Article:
Tribute to Begum

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By The Telegraph Online
  • Published 19.10.08

She was the doyenne of ghazals, the soulful voice that sung Ghalib and Khusroo. The other one was her disciple and her protege. Begum Akhtar and her shagirda Rita Ganguly, classical singer, researcher and teacher, have come together in the book Ae Mohabbat… Reminiscing Begum Akhtar, a biography of Akhtari Bai written by Ganguly.

The evening of October 11 at the Indian Council of Cultural Relations (ICCR) was memorable. Organised by Weavers Studio, it was dedicated to the launch of Ae Mohabbat, where the author not just regaled the audience with titbits from Akhtari Bai’s life, but also sang some of her celebrated numbers. The evening also saw Aparna Sen reading out bits from the book, portions where Ganguly narrates how Akhtar gets back at her rivals in her profession and holds her own.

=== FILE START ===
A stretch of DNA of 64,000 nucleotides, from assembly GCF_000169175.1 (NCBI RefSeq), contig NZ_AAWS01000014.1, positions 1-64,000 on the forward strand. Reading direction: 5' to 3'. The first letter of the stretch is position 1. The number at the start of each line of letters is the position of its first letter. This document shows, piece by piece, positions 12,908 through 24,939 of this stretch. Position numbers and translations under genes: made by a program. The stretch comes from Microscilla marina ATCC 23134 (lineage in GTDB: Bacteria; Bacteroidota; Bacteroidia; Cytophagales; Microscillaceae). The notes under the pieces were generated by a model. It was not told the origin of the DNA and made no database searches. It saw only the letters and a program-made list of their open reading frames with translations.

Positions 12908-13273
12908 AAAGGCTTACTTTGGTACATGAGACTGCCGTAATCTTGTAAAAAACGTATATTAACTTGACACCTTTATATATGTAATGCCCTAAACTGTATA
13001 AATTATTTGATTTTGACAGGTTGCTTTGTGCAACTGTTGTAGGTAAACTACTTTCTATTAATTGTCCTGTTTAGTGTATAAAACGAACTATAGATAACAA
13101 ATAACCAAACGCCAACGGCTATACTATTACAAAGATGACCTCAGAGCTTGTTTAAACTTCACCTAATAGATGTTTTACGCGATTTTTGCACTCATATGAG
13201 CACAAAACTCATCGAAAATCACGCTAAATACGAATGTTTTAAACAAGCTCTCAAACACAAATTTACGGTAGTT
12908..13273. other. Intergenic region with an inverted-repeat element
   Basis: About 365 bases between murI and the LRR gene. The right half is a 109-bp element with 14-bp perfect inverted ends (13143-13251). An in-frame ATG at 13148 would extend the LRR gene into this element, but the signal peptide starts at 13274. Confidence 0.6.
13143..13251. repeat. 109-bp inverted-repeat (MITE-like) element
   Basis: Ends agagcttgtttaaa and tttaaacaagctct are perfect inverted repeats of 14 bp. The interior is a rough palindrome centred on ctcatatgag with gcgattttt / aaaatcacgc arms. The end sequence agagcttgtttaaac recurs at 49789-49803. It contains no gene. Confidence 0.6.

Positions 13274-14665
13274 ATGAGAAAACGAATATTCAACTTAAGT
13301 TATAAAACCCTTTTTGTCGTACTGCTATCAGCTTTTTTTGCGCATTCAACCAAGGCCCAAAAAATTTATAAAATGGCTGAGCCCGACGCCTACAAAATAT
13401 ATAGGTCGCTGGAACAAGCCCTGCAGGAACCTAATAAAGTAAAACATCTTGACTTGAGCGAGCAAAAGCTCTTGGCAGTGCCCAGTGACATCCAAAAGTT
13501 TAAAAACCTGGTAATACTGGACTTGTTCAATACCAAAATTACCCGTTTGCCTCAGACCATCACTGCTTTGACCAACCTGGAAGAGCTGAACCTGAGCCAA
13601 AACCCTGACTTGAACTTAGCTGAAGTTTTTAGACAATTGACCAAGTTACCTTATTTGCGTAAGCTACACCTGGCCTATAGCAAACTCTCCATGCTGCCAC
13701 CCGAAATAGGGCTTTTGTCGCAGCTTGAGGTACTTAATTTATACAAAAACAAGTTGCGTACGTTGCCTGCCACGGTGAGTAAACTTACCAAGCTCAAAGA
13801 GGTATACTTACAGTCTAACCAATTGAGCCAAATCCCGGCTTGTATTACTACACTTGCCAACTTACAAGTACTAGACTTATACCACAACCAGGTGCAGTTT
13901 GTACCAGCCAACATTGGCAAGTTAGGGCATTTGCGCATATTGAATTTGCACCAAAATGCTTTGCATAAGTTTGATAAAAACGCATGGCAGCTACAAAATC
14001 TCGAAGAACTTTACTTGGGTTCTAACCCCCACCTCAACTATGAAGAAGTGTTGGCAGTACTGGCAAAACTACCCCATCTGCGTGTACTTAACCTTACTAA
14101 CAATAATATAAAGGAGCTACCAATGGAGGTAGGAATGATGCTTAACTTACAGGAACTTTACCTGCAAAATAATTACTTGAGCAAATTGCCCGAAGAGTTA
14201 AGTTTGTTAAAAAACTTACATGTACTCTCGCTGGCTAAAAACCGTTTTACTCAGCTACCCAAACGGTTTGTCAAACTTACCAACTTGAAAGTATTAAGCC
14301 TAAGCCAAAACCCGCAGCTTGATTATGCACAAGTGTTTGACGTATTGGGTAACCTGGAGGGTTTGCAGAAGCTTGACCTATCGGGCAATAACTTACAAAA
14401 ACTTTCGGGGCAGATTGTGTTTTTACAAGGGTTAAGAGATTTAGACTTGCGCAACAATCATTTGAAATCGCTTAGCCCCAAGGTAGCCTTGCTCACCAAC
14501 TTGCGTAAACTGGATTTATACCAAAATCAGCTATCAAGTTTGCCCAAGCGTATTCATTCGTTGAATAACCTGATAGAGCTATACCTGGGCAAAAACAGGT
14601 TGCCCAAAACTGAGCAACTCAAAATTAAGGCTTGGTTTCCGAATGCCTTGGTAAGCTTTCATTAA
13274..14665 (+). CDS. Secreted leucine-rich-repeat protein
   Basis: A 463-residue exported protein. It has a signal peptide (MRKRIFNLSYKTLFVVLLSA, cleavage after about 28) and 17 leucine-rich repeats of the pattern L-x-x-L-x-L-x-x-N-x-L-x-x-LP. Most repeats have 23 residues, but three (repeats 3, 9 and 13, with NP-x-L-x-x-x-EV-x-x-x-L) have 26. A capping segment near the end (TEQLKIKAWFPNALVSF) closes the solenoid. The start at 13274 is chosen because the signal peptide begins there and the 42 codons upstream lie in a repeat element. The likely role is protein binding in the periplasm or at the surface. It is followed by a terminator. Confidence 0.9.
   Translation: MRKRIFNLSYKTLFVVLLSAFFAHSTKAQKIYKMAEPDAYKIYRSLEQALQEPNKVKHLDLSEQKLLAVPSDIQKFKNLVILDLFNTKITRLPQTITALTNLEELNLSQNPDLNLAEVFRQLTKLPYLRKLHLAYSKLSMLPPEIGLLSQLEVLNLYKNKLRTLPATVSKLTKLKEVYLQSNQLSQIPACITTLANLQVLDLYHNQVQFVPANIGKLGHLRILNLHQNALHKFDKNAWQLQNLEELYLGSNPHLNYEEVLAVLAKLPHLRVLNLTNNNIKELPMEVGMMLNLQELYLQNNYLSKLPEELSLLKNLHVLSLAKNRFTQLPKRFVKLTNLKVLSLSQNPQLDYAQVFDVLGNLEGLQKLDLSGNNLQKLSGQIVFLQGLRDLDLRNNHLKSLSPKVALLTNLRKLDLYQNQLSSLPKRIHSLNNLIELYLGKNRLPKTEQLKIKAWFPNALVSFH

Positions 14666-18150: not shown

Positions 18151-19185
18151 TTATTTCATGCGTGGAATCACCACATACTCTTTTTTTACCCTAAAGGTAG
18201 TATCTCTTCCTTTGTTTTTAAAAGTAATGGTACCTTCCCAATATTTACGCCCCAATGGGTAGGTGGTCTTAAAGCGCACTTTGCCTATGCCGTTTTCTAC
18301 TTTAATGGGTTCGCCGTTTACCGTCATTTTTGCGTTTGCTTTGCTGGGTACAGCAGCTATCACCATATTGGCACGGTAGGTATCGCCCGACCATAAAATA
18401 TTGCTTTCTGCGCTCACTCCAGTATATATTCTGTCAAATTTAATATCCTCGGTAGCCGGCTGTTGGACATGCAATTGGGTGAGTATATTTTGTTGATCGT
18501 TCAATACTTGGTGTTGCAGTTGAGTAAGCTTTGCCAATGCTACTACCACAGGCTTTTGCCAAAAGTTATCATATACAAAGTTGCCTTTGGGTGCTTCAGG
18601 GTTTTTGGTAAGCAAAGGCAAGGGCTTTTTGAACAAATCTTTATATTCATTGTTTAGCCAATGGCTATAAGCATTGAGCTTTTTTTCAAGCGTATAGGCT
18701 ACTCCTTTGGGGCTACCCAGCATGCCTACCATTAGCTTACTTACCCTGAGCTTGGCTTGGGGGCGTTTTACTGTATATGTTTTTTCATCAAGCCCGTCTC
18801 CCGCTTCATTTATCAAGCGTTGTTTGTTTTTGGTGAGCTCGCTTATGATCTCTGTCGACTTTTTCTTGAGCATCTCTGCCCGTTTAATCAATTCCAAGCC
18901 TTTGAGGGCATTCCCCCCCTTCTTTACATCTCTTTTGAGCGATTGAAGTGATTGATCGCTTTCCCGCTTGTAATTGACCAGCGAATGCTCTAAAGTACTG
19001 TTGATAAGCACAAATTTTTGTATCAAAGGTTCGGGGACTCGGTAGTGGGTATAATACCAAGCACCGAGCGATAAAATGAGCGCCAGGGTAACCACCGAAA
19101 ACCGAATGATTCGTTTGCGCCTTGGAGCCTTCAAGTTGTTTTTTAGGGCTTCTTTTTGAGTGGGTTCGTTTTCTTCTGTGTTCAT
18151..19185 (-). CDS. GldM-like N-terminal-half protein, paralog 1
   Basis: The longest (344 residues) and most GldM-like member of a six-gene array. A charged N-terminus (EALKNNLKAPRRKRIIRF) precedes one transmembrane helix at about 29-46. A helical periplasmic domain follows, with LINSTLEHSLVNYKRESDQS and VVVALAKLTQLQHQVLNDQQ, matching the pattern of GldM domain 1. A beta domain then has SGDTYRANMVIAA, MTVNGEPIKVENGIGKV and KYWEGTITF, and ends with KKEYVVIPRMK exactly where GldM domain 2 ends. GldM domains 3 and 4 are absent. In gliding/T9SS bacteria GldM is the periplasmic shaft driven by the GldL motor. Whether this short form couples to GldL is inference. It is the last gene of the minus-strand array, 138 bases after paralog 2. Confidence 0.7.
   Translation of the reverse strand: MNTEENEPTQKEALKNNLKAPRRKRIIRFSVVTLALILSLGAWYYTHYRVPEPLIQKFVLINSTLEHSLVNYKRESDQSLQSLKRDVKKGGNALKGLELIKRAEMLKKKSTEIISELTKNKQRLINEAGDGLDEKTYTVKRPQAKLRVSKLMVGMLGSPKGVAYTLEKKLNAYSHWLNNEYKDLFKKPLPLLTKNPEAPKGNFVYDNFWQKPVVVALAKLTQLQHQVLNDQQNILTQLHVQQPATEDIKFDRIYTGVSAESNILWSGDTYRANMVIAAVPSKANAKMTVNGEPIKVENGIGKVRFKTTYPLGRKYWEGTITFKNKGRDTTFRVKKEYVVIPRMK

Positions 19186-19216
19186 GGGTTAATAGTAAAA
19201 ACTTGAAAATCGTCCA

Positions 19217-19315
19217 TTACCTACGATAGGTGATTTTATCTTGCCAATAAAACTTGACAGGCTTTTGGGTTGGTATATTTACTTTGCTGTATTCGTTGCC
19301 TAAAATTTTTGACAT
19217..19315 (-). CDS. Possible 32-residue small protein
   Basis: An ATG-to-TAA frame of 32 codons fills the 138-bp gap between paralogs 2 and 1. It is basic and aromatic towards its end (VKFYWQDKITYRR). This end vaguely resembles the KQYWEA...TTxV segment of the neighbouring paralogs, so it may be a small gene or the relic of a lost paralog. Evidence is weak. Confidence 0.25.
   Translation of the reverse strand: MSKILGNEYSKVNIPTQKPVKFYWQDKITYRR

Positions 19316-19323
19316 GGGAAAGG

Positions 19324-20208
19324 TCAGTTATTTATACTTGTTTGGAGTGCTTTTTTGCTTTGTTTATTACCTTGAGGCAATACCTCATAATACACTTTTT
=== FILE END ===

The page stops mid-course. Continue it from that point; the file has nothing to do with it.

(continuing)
Ae Mohabbat, a 350-page volume replete with black-and-white photographs of Ganguly’s Ammi: of her performing, smoking, with stalwarts like Bade Ghulam Ali, Rai Chand Boral, Ustad Amir Khan, with her husband Ishtiaq Ahmed Abbasi, receiving the Padma Shri.

The book comes from another era, an era that started with the fading royalties of Awadh, of twaifs and courtesans and the increasing intensity of the freedom movement and culminated into the post-Independence years of euphoria, enthusiasm, dreams and finally, sobriety.

From her childhood, when she lost her sister, through a traumatic teenage when she was physically abused, to a marriage that put her in purdah, albeit out of her own choice, and later her insurrection, Akhtar was gripped by constant melancholia. “Ya Allah, ab kya hoga?” was her constant refrain through her life that made her pour her heart and soul into couplets like “Mere Humnafas, Mere Humnawa, Mujhe Dost Ban ke Daga Na De, …, Mujhe Zindagi ki Dua Na De”.